Why Is My Toilet Bubbling When the Shower Is Running? 5 Reasons
As long as the sink drains and the toilet flushes, you might not be too concerned with your plumbing. However, your bathroom has a way of commanding your attention when something is amiss. It’s a good idea to fix your toilet if it’s bubbling because it’s a sign something is blocked, which can eventually lead to further problems down the pipe. Although some bathroom appliances will have their own drain lines and vent stacks, some may share especially if the bathroom is on a smaller scale. A bubbling toilet indicates a blockage in one of five places: the sewer main drain, the vent stack, the toilet, the sink, or the tub. Each one has its own remedy, and we’ll plunge into the details below.
The 5 Reasons Your Toilet is Bubbling When the Shower is Running
1. Clogged Toilet
No one likes this news, but a clogged toilet happens to everyone at some point. If the clog is close enough to the surface, you might be able to unplug it using a toilet plunger. If the damage is too deep or if you don’t want to use a plunger, you can also try a home remedy of pouring boiling water or vinegar and baking soda into the bowl or poking at the visible obstruction with a wire hanger. Just be careful not to scrape the toilet bowl with the wire ends!
2. Clogged Shower Drain
Hair, dirt, and other debris can get wrapped around the drainpipes and restrict the water flow over time. You should clear any visible blockage first by digging any hair out of the drain with your fingers. You may prefer to wear gloves and even a mask for this task because the drain can smell foul because of the trapped particles. Using a drain snake, fish the wire down into the drain to catch more of the clog. You can make sure your drain is extra clean with the vinegar-baking soda trick or a chemical drain cleaner, but you should always pick one that’s non-corrosive, so it doesn’t damage your pipes.
3. Clogged Sink
The process of cleaning out your sink drain is the same as unclogging the drain in your shower. Remove any visible debris, and then use a drain snake to pull out any hair or things that are stuck in the pipes, causing the blockage. Pour a vinegar-baking soda solution, boiling water, or a non-corrosive chemical down the drain to clear any extra build-up.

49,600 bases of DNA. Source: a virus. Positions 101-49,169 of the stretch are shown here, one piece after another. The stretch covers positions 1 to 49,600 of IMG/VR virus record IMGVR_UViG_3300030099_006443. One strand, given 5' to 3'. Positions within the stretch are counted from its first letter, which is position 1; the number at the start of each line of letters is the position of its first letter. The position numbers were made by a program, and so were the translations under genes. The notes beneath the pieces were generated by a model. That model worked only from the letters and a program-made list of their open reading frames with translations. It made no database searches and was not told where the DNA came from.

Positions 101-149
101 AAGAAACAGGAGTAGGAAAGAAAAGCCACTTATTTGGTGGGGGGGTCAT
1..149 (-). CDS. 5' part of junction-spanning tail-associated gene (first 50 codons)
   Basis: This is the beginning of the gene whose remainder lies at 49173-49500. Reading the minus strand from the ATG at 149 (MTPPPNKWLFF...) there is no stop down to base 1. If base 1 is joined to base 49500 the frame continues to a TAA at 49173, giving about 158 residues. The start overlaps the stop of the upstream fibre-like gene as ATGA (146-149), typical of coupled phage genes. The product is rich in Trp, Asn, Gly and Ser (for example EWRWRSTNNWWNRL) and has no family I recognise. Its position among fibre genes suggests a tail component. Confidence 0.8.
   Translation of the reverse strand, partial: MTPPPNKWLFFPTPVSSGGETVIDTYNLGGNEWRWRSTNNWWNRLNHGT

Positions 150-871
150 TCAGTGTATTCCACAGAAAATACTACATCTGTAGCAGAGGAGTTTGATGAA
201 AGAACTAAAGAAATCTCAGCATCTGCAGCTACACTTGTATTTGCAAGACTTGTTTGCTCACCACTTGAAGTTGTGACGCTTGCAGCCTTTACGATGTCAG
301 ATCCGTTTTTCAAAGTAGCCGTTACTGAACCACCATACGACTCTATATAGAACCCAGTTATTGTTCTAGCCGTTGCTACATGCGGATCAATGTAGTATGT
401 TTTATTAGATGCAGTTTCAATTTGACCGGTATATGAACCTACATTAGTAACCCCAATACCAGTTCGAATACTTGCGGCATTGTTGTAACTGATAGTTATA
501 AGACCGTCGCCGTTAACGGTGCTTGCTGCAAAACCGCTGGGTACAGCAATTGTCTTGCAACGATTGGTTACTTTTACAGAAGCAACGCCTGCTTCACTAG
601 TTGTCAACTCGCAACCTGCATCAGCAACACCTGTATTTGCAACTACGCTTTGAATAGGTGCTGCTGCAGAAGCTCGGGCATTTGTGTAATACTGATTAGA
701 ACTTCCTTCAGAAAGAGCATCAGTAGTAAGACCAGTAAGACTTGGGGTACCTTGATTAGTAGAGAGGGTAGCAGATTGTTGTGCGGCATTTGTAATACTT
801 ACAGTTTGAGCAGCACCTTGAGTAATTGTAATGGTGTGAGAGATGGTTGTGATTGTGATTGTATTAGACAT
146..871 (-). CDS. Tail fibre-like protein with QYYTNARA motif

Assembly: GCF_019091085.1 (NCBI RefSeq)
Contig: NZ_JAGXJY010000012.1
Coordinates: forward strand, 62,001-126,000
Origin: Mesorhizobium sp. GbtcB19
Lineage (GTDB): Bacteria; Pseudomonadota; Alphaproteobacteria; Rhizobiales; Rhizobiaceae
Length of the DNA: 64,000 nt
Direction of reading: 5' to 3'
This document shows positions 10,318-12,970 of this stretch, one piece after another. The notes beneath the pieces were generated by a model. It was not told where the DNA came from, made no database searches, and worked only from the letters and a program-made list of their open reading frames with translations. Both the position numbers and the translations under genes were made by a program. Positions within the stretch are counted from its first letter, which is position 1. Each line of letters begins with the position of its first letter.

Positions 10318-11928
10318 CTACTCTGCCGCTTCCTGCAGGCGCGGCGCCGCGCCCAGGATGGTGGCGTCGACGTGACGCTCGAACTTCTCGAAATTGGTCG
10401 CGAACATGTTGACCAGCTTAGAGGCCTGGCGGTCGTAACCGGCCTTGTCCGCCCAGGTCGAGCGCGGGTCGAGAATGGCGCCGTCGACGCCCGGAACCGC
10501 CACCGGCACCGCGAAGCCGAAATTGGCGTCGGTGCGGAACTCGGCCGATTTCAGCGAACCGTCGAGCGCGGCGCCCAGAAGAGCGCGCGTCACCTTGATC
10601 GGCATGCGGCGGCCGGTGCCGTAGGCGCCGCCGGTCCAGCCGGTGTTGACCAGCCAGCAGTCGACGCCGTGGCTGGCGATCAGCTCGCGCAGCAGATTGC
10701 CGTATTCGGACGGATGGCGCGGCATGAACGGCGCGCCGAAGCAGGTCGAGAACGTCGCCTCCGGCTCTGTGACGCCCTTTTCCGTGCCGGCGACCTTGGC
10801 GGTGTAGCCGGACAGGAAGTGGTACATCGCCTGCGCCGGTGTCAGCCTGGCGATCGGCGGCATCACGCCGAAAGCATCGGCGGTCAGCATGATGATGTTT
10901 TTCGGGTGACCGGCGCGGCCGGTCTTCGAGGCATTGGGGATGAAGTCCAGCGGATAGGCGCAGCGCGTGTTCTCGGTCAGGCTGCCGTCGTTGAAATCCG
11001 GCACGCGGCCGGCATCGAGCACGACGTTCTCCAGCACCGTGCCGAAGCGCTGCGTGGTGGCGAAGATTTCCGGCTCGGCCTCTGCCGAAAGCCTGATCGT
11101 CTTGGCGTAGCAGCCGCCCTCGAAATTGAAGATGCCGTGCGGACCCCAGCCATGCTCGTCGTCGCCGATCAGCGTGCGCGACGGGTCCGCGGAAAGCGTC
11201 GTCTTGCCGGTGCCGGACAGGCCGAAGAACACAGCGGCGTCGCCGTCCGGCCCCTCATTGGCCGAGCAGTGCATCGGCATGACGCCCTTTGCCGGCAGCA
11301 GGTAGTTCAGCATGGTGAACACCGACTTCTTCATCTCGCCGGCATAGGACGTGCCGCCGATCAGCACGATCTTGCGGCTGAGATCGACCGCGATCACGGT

4. Clogged Sewer Drain
All the flushed water and sewage from the toilet, the sink, and the shower meet in this one pipe. Like the other drains, this pipe can become clogged over time. A clogged sewer drain is a bit trickier than the other causes and may require you to call a plumber. Because of this, we recommend trying the previous three steps first to see if the clog is close to the surface and easily fixable by yourself.
Although it’s possible to unclog the sewer main line without calling professional help, you run the risk of making the problem worse. Running piping hot water down the drain for about 10 minutes is the easiest way to try to fix the problem yourself with the least amount of risk. This method is more likely to work if the sewer drain is only partially clogged.
5. Blocked Vent Stack
Upon the housetop, a vent stack regulates the air flowing through the pipes. Leaves or other debris on your roof may be blocking the vent stack, creating a vacuum pressure on the drains, and causing the water to rise. If you can safely manage to climb on top of your roof, you can clear the vent stack by removing any visible signs of blockage. However, you should call a professional if your roof can’t be easily accessed.
The only place bubbles belong in your bathroom is in a bubble bath or cleaning solution! If you notice your toilet bubbling, you’ve got a blockage in one of the five places listed above. You should rectify the problem as soon as possible to prevent a complete (and potentially costly) build-up or call a plumber if you suspect the main sewer drain is fully blocked.
Featured Image Credit: David Spates, Shutterstock